Recreating school days during the First World War, At School At War immerses students in school days around Australia’s first Anzac Day. Students learn about the war and our men who served, contribute to home front activities of spinning, knitting, tucking in messages of support, and learn cadet drill as 1900s students did at the […]
North Ryde was a small rural community when war broke out in August 1914. Just as it is now, it had a strong community spirit built through the Progress Association, churches, North Ryde PS and the School of Arts. Families grew up together and knew each other well. Within the first few months of war […]
Boys and men aged 12 to 26 years had to undertake compulsory military training from 1911. Twelve and thirteen year old boys were trained by their teachers at school. Training included 15 minutes of physical exercises per day, marching drill and at least one of miniature rifle shooting, first aid, swimming or mariner’s compass and elementary […]
Bookings are coming in fast for our new AT SCHOOL AT WAR program. Designed for Stage 2, it is also available for Stage 3. Dates have been extended. Now being offered from Term 1 Week 7. Check Calendar for available dates. Download At School At War flier for more details.
New for 2015 is our unique At School At War program suitable for Stages 2 and 3 Step back to school in 1915 when NSW school pupils took an active role in the WW1 war effort: sending comfort packages and messages, fundraising for French and Belgian orphans, knitting, stitching, rolling and folding comfort and essential items. Based […]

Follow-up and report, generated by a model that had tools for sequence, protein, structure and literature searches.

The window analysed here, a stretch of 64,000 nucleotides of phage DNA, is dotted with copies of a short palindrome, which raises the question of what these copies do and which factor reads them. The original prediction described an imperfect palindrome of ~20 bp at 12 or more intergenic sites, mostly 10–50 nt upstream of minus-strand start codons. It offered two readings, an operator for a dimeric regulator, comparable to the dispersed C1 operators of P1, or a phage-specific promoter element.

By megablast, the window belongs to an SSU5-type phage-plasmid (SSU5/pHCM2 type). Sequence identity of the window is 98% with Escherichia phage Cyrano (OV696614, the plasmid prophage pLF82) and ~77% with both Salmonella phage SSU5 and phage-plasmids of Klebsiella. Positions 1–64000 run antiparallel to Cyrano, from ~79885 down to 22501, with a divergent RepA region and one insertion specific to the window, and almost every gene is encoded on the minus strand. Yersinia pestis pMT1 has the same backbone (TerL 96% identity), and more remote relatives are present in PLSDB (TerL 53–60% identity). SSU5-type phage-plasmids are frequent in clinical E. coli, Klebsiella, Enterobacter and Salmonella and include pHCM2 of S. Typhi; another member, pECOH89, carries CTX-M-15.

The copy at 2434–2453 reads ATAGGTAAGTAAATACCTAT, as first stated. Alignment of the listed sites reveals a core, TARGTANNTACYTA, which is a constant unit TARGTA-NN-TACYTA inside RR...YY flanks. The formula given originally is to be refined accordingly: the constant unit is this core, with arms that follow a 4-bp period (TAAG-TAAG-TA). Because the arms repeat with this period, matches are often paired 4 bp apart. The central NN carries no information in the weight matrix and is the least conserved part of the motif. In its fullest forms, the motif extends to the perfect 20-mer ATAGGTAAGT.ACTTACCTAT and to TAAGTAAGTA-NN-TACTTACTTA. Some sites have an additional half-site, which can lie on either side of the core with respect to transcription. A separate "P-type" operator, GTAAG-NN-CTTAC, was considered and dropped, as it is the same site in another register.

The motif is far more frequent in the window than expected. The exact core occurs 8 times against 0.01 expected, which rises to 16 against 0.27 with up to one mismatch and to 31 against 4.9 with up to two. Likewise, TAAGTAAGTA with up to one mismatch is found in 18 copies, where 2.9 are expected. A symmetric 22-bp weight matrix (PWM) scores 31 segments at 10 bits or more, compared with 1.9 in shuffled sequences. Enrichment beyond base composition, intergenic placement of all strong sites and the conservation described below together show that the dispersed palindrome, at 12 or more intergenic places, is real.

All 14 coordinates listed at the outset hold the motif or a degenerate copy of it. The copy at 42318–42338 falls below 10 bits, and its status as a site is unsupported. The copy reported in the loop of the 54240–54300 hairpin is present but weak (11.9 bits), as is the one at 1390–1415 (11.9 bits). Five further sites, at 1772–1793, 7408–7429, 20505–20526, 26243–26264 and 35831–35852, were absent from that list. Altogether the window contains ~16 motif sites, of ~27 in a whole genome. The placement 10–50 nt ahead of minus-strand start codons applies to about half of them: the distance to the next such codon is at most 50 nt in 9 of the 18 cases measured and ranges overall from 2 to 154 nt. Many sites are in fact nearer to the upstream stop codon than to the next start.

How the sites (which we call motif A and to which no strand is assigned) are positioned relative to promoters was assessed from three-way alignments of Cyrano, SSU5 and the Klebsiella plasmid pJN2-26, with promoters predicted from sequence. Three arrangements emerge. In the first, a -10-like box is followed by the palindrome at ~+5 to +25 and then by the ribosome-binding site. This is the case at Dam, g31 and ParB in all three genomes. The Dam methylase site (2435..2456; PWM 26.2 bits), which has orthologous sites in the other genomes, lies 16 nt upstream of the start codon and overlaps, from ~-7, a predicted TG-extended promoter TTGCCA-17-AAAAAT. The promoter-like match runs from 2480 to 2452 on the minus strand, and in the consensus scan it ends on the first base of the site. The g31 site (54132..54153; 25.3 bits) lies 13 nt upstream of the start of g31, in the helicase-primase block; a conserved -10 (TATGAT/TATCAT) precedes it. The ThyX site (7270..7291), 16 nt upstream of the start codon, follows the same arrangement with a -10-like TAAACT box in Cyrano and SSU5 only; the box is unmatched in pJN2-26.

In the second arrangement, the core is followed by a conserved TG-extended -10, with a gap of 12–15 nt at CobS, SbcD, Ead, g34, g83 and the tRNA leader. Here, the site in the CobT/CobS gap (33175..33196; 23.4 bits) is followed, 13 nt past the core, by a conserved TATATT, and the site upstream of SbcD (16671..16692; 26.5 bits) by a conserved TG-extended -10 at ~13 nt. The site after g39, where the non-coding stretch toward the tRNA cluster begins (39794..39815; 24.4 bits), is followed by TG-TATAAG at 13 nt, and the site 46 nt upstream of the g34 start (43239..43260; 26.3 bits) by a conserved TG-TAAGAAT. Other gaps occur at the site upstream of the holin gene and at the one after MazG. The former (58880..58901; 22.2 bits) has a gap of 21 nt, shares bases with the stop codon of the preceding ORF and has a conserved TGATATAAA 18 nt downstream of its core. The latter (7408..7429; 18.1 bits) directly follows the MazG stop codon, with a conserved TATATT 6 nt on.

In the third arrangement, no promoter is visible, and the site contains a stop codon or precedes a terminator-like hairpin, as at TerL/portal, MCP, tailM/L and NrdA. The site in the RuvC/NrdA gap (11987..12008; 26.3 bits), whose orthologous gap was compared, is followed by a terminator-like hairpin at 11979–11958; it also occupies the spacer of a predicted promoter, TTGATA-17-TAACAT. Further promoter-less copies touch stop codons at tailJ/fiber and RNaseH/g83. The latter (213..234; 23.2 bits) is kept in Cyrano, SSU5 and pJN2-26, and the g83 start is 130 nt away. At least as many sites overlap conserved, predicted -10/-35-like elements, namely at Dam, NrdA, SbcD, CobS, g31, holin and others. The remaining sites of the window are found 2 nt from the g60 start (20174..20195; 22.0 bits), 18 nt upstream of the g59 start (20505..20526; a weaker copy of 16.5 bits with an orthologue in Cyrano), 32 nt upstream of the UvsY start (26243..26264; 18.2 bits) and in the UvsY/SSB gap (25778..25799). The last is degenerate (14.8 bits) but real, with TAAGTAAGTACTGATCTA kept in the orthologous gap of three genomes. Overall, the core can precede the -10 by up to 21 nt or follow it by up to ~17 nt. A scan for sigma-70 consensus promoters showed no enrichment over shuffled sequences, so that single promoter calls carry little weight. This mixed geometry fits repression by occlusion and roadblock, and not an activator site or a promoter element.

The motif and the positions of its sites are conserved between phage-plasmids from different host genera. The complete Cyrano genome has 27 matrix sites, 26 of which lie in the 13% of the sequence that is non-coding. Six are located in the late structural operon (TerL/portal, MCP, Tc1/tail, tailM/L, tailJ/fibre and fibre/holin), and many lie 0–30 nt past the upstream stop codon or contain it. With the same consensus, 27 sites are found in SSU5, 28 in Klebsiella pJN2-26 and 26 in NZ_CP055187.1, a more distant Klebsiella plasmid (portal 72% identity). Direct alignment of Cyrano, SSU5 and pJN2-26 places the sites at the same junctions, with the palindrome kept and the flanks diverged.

Dorothy Kenning attended NRPS in the 1930s and was awarded Dux of the school in 1936. That year her teacher, the headmaster Mr Hamilton, taught her in one of the 1910 rooms. Dorothy walked to school through fields and orchards, her hair in plaits and carrying a leather satchel. A long-term resident of North Ryde, […]
The school year was much longer in 1880. The Public Instruction Act of 1880 states that there were two ‘half-years’(semesters) with a two week mid-winter break and three weeks at Christmas. School grades were arranged differently to today with some grades extending over 18 months. The grades were 1st Class (three half-years), 2nd Class (three […]
We had an email enquiry from 7 year old Mia who wondered if children used to go to school on Saturdays. In the 1880s the school days were Monday to Friday but the working week included Saturday. Sunday was a day of rest when many people would have attended church. From 1880 school was compulsory […]